A McDonald County teacher was among four educators from Missouri to be honored by the White House last week as recipients of the Presidential Awards for Excellence in Mathematics and Science Teaching.
Shelley Paul, a first grade teacher at Anderson Elementary School, was named the Missouri winner in science as part of the 2018 class.
"I am truly honored to represent my rural Southwest Missouri community on this distinctive national stage," she said Friday from Washington, D.C.
More than 200 individuals earned the recognition last week as awardees for both the 2017 and 2018 cycles. The awards, established in 1983, are the highest honor given by the U.S. government to K-12 teachers of math and science.
Other awardees from Missouri were Katherine Lodes, of St. Louis, and Terri Politte and Stacey Wade, both of Wentzville.
“We are extremely excited for this announcement that recognizes the passion and dedication these Missouri teachers display every day,” Commissioner of Education Margie Vandeven said in a statement. “These awardees are making strong contributions to their classrooms and are providing the necessary tools for their students to achieve success.”
All award recipients received a presidential citation during a ceremony in Washington, D.C., and participated last week in discussions on STEM (science, technology, engineering and mathematics) education priorities. In addition, each winner will receive a $10,000 award from the National Science Foundation, which manages the awards program on behalf of the White House.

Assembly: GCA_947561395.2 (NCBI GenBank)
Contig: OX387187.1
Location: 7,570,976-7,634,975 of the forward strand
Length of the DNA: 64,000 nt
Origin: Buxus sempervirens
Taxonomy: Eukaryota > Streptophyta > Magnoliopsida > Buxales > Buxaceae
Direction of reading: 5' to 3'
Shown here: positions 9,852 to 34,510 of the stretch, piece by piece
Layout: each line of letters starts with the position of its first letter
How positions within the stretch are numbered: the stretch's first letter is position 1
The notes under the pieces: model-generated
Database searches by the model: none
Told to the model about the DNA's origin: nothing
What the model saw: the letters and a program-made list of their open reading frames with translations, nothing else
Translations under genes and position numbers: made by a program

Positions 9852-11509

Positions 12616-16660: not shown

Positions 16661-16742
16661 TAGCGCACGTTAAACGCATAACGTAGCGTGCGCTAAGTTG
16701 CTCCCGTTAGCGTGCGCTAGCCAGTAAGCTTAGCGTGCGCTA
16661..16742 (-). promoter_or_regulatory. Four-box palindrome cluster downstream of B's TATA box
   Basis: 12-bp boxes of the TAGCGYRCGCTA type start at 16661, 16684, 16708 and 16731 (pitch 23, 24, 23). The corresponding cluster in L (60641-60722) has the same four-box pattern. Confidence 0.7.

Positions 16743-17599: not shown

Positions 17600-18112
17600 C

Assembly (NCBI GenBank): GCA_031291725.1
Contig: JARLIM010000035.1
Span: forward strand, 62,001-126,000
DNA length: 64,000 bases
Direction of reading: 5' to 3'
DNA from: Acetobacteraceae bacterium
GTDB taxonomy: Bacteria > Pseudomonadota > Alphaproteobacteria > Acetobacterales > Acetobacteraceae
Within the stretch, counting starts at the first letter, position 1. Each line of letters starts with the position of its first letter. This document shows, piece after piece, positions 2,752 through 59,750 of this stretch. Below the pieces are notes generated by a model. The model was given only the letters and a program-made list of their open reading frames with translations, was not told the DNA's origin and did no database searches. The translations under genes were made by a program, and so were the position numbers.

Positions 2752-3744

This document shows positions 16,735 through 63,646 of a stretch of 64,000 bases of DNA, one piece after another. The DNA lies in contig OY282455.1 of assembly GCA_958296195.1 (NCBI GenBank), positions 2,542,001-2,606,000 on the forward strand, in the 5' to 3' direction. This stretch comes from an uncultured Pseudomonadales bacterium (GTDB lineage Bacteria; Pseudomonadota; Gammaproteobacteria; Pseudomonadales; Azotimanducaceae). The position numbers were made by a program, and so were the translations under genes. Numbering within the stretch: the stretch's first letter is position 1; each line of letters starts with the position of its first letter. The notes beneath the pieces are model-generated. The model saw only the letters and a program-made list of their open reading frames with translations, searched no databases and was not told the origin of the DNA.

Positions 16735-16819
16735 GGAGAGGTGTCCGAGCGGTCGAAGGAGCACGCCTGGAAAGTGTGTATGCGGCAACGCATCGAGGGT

Paul, who is in her 30th year of teaching at Anderson Elementary, was previously announced as a finalist for the award in 2016 before being named a finalist and then a winner for the 2018 cycle.
She said she regularly emphasizes science in her first grade classroom.
"Science is transforming into problem-solving and includes all of the multicurricular activities moreso than in the past; we incorporate math and language arts and even some social studies," she said in an interview with the Globe. "I just make sure I have hands-on investigations. I don't give kids answers — I pose problems to them and give them the materials they can use to solve problems. And I let them pose problems, and then we experiment and see what happens.
"We read about things and look at pictures ... but you've got to have it in their hands and (allow them) to do things to make learning more real to them," she said.